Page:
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Figurative Language in The Princess Bride
Transcript of Figurative Language in The Princess Bride
“The Queen's Pride was his ship, and he loved her"
"The snow sand...strangling her."
Goldman uses imagery to enhance beauty in certain parts, especially when describing the most beautiful women. Interestingly, however, Goldman admits to leaving out imagery "incorporated in the original book by Morgenstern."
"Her skin was of a dusky perfection..."
"The farm boy had eyes like the sea before a storm" (also a simile)
"Broad enough in the shoulders...muscular....skin was perfect and tan... flatter stomach..."
Similes and Metaphors
"Prince Humperdink was like a barrel. His chest was a great barrel chest, his thighs great barrel thighs..."
"...Skin like winter..."
“Do I love you? My God, if your love were a grain of sand, mine would be a universe of beaches.”
"Her heart was a secret garden and the walls were very high.”
Irony is the main figurative language used in the book, specifically verbal irony (sarcasm) and situational irony.
Goldman writes in a somewhat mocking tone in many parts, making sarcastic comments conveying humor, especially in pointing out anachronistic objects.
"This was after taxes. But everything is after taxes. Taxes were here even before stew."
"blue jeans were invented considerably before most people suppose"
"The land of Florin was set between where Sweden and Germany would eventually settle. (This was before Europe.)"
Ex: When we are aware of Humperdink's plan to kill Buttercup, but she isn't.
Ex: Buttercup requests the Prince to send a message to Westley, expecting him to get her message and sail back to save her, while in reality, Westley is trapped in the Zoo of Death.
Figurative Language in
The Princess Bride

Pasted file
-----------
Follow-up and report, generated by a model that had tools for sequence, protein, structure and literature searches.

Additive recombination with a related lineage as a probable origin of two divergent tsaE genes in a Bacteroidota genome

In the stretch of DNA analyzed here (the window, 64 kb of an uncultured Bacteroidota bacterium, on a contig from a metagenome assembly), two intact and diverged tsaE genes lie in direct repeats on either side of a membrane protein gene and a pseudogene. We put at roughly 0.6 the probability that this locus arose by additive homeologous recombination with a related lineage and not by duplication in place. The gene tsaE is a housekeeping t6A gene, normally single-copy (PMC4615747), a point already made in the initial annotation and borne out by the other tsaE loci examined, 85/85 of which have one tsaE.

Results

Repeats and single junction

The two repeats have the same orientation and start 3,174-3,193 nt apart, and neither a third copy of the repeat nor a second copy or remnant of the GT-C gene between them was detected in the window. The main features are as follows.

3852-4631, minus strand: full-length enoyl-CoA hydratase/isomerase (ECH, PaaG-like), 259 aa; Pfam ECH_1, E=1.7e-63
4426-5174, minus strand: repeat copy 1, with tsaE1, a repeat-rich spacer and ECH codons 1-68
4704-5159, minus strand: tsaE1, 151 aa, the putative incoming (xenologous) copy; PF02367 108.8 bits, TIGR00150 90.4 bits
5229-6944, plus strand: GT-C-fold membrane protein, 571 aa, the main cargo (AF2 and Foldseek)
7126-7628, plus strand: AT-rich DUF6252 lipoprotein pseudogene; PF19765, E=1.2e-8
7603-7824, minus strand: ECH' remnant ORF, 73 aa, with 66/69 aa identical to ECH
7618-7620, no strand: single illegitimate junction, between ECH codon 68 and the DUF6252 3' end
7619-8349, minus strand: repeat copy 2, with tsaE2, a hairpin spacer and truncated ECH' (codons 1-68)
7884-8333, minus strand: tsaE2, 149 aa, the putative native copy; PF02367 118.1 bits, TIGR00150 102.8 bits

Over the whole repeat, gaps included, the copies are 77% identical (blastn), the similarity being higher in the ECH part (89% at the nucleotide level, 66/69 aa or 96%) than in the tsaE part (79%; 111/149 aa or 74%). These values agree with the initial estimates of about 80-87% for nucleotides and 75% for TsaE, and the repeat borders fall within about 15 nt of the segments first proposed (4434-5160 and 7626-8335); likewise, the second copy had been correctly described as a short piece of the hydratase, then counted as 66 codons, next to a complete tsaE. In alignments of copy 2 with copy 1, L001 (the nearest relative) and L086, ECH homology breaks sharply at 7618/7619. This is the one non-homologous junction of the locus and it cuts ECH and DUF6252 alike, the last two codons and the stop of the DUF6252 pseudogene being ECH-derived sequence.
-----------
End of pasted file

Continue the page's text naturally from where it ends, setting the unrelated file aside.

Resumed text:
The foreshadowing in this book is most effectively shown in the author’s interjecting commentary, as he warns readers of upcoming events so they don't "fret" or get too worked up.
"She does not get eaten by sharks at this time”
“Westley dies…Humperdink Kills Him.”
However, Goldman also used foreshadowing in the story. As opposed to foreshadowing through Goldman’s commentary, this use of foreshadowing builds suspense.
“Hello. My name is Inigo Montoya. You killed my father. Prepare to die.”
This foreshadows Inigo finding his father’s murderer and introducing him to the same fate.
Figurative language refers to words, and groups of words, that exaggerate or alter the usual meanings of the component words. Examples of these devices include:
A simile uses the words “like” or “as” to compare one object or idea with another to suggest they are alike.
Example: He ran like a cheetah on Red Bull.
The metaphor states a fact or draws a verbal picture by the use of direct comparison.
Example: The teacher was a mother hen.
A figure of speech in which human characteristics are given to an animal or an object.
Example: The words were jumping off the page.
The repetition of the same initial letter, sound, or group of sounds in a series of words.
Example: Any acceptable, admirable armadillo acts as an angry, accomplished anteater; after all, any amount of ants are awfully annoying. Afterward, abundant armadillos ask,"Are all ants annihilated?" And any alive ants awkwardly accept ambush, advancing away, as all ants acknowledge all amazing armadillos are austoundingly authoritative and assertive.
Verbal irony (also called sarcasm) - a writer makes a statement in which the actual meaning differs from the meaning that the words appear to express.
Ex: saying “Oh, fantastic!” when the situation is actually bad
Situational irony -chance events occur that seem oddly appropriate..
Ex: The fireman's house burned down
Dramatic irony - a narrative in which the reader knows something about present or future circumstances that a character in the story does not know.
Ex: In a scary movie, the character walks into a house and the audience knows the killer is in the house.
The use of a word to describe or imitate a natural sound or the sound made by an object or an action.
Example: *snap crackle pop*
To give or be a warning or indication of a future event.
Ex: In Star Wars, Episode 2, Obi Wan Kenobi addresses Anakin and says, " Why do I get the feeling you will be the death of me?" He is later killed by Darth Vader (Anakin).
An exaggeration that is so dramatic that no one would believe the statement is true.
Example: The backpack weighed a ton.
A phrase peculiar to itself either grammatically or in having a meaning that cannot be derived from the conjoined meanings of its elements.
Example: His mother had a green thumb.
Thanks for watching!
And Hi Mrs. Fordham :)